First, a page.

A sample Archetype - you can use these for quick character creation,
or as a foundational template for a 'class' of your own.

Worth noting: when using the pre-generated characters available for download, or just the core archetypes in the book, don't take anything for granted. Take a moment to look up and read the description for everything. For example, we had run an official, pregen Dwarven "Duardin Skyrigger" for several sessions - with a pretty amazing steampunky 'drill launcher' on the weapons list - before I noticed in the core book that this weapon comes with a really heavy head, so that most characters will only carry a single reload. Oh. Well, that required new tactics. :-) Conversely, an item of clothing that sounded like flavor text on the Dark Elven Corsair's archetype page turned out to have quite useful special stealth effects. I suppose it's not rocket science to say "be sure to read the rules" but sometimes Soulbound's general simplicity can fool you into thinking something is straightforward when it isn't. 

As is pretty common nowadays, the character creation chapter includes somewhat more 'narrative' ways to round out your character and the group as a whole. These range from suggestions for names and physical-appearance details to questions about your background - and a random-roll table to provide backstory connections between PCs if you're having trouble thinking of one you like. The game also has you - you individually AND you all as a party - set short-term and long-term goals that grant milestone XP. XP points are exactly the same kind of thing you spent during character creation to buy new Skills, Talents, and Attribute levels (unless, again, you stuck with a pre-written Archetype that keeps all the relevant math hidden in the background for you). This approach offers the benefits (and drawbacks) of a milestone-XP system, but prevents a GM from railroading entirely based on their desired outcomes; players have an important say in the things they want to be rewarded for. 

Note that some of the game's initial supplements include players'-option books that really add a lot of further power and flexibility in character creation. 

We found in play that the pre-gen characters released by Cubicle 7 could be a little underwhelming in combat (note, though, that we really emphasized combat over everything else at our table while testing Soulbound). I decided to craft some characters to really shine in specific combat roles. This did involve ... the dreaded min-maxing! Happily even min-maxing in Soulbound doesn't really take up much time, so I could sheepishly enjoy my wannabe-3.5e experience... ;-) I created, for example, a Dark Elf corsair with a signature move; he can hamstring opponents and knock them prone. The fella plays like death on sneakers, a mobile guerrilla assassin who regularly changes the battlefield. While it's easy to create specialized troops like that, they do run the risk of being so single-focused that unexpected combat situations can make them feel less enjoyable. 

As PCs gain XP to spend on themselves, they can keep honing those precious combat abilities, or train up in non-combat related Skills. My own focus on running Soulbound as a tactical skirmish game is probably blinding me to some of its potential for longer-term campaign play, but combat is potentially bloody enough that I'd pity a character not well-suited to fighting, here.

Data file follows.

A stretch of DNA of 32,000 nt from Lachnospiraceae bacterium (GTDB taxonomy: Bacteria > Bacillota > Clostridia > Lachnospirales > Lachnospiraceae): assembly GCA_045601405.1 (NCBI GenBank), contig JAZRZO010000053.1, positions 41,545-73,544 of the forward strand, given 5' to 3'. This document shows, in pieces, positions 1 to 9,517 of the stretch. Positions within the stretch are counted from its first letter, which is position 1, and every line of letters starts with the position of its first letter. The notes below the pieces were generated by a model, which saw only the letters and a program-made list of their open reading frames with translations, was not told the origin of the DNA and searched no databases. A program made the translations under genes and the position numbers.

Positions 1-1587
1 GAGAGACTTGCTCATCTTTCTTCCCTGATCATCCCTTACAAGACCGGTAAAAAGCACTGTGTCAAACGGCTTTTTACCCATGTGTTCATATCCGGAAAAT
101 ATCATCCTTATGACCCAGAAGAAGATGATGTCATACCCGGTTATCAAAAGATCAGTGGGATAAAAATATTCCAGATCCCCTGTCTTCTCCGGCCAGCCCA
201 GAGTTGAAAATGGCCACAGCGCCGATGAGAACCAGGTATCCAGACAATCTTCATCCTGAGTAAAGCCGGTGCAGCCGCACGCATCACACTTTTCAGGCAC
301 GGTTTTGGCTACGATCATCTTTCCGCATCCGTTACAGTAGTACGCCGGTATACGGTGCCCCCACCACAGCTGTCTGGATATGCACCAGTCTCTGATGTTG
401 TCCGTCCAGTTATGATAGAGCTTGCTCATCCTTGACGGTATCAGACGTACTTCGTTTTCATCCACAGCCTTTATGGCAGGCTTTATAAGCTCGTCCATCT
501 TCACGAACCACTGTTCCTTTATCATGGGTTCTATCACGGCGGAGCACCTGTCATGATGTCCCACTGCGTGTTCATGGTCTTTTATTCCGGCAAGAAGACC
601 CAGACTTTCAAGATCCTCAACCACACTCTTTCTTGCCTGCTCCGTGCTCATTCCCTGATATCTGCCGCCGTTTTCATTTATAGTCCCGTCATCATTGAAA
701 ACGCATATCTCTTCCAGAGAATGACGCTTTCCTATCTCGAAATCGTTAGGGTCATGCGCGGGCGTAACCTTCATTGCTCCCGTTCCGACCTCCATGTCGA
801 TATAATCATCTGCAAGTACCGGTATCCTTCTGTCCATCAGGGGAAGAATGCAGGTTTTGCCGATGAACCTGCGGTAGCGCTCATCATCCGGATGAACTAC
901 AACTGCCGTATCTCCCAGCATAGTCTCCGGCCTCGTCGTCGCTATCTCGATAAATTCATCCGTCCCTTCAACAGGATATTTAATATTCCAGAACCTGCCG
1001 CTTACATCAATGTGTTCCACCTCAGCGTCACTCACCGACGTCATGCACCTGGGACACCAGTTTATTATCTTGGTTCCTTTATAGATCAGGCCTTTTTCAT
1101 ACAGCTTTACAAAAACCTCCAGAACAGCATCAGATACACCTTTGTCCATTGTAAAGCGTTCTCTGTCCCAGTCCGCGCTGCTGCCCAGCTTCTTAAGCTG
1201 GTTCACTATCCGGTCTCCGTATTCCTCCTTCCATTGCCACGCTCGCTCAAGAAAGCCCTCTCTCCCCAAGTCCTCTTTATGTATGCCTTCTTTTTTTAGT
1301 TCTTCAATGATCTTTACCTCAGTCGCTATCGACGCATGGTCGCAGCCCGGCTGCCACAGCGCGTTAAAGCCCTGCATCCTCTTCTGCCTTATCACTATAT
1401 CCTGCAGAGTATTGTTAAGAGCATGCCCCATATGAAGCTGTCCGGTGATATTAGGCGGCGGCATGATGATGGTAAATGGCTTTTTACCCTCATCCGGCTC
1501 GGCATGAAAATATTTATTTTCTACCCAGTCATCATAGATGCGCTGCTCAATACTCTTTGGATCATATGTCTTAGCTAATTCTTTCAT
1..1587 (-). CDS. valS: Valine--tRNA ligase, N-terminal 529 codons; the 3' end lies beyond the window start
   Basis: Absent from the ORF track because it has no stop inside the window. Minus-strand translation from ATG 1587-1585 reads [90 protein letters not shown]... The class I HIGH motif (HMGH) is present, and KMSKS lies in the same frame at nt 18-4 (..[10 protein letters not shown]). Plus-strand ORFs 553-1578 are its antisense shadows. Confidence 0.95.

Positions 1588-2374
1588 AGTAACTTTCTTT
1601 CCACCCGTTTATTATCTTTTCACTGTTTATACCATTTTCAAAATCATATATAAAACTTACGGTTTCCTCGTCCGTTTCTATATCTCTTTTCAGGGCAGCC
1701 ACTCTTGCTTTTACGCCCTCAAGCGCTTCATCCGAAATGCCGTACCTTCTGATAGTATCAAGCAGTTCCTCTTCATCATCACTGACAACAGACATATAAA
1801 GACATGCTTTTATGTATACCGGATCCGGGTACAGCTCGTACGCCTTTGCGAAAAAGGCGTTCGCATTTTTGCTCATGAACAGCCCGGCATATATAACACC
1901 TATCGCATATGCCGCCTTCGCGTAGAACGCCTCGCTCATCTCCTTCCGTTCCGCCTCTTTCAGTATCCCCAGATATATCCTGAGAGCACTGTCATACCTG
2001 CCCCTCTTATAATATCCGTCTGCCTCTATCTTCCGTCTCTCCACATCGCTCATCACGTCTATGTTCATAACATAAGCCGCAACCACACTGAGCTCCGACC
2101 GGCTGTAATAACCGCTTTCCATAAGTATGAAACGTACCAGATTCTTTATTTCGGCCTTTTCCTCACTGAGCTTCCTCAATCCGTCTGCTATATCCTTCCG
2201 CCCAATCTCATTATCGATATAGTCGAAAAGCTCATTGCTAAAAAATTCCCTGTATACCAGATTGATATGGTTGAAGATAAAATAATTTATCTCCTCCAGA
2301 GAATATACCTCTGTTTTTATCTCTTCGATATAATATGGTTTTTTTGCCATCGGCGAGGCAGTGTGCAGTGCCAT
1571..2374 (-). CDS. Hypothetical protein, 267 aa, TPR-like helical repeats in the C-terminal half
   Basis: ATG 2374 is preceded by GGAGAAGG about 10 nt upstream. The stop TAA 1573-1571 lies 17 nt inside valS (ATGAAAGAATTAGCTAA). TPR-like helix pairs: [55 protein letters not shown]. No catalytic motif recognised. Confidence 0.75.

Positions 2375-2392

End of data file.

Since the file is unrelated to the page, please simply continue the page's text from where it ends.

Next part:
Creating a spell-casting character is not 'class limited' - rather, it depends on spending points to gain the Talents that grant access (either to cleric-style miracles or mage-style spells). Then, gaining additional powers under those umbrellas costs further points. Using the pre-set archetypes makes creating a spellcaster quite easy, but the point-buy option means you can create a sort of 'multi-class' fighter-wizard, if you want to combine/dilute the different specialties that way. 

Miracles and spells use different rules: spell-casting is essentially a gamble, requiring a dice-pool test to succeed. If you really blow the roll, there's even a "Price of Failure" miscasting table (p. 266). Though much less zany than DCC's miscast table, things can definitely go VERY wrong if this happens. On the other hand, spells can be pretty powerful! Priestly miracles are generally more reliable, either succeeding automatically at the expense of an Action, or requiring that you spend your Mettle metacurrency to power the effect (or keep it going for a longer duration). Both types of magic have diverse schools/domains that are well-connected to the setting material, and can make two spellcasters (even of the same 'type') feel quite different in play. 


Along with an in-book core bestiary (see above), detailed setting description (see my previous review post), and a suitable discussion of rules for magic and equipment, Soulbound also provides two other short but noteworthy sections. 

One is a downtime system for PC activities between adventures/missions. This sort of thing has become more common in recent years - it was championed particularly by Blades in the Dark - and it lets players feel more connected to the campaign world while continuing to differentiate their characters. These activities might be as mundane as shopping for or maintaining equipment, or you might find yourself researching old lore or new inventions (or magic spells). Alternately - if you're fantasy Batman - you could keep up appearances with a fake identity. If you're a Stormcast Eternal, slowly losing bits of your humanity every time you return from death, you could spend time seeking fragmented memories from your own past, perhaps allowing the GM to hand you new story hooks.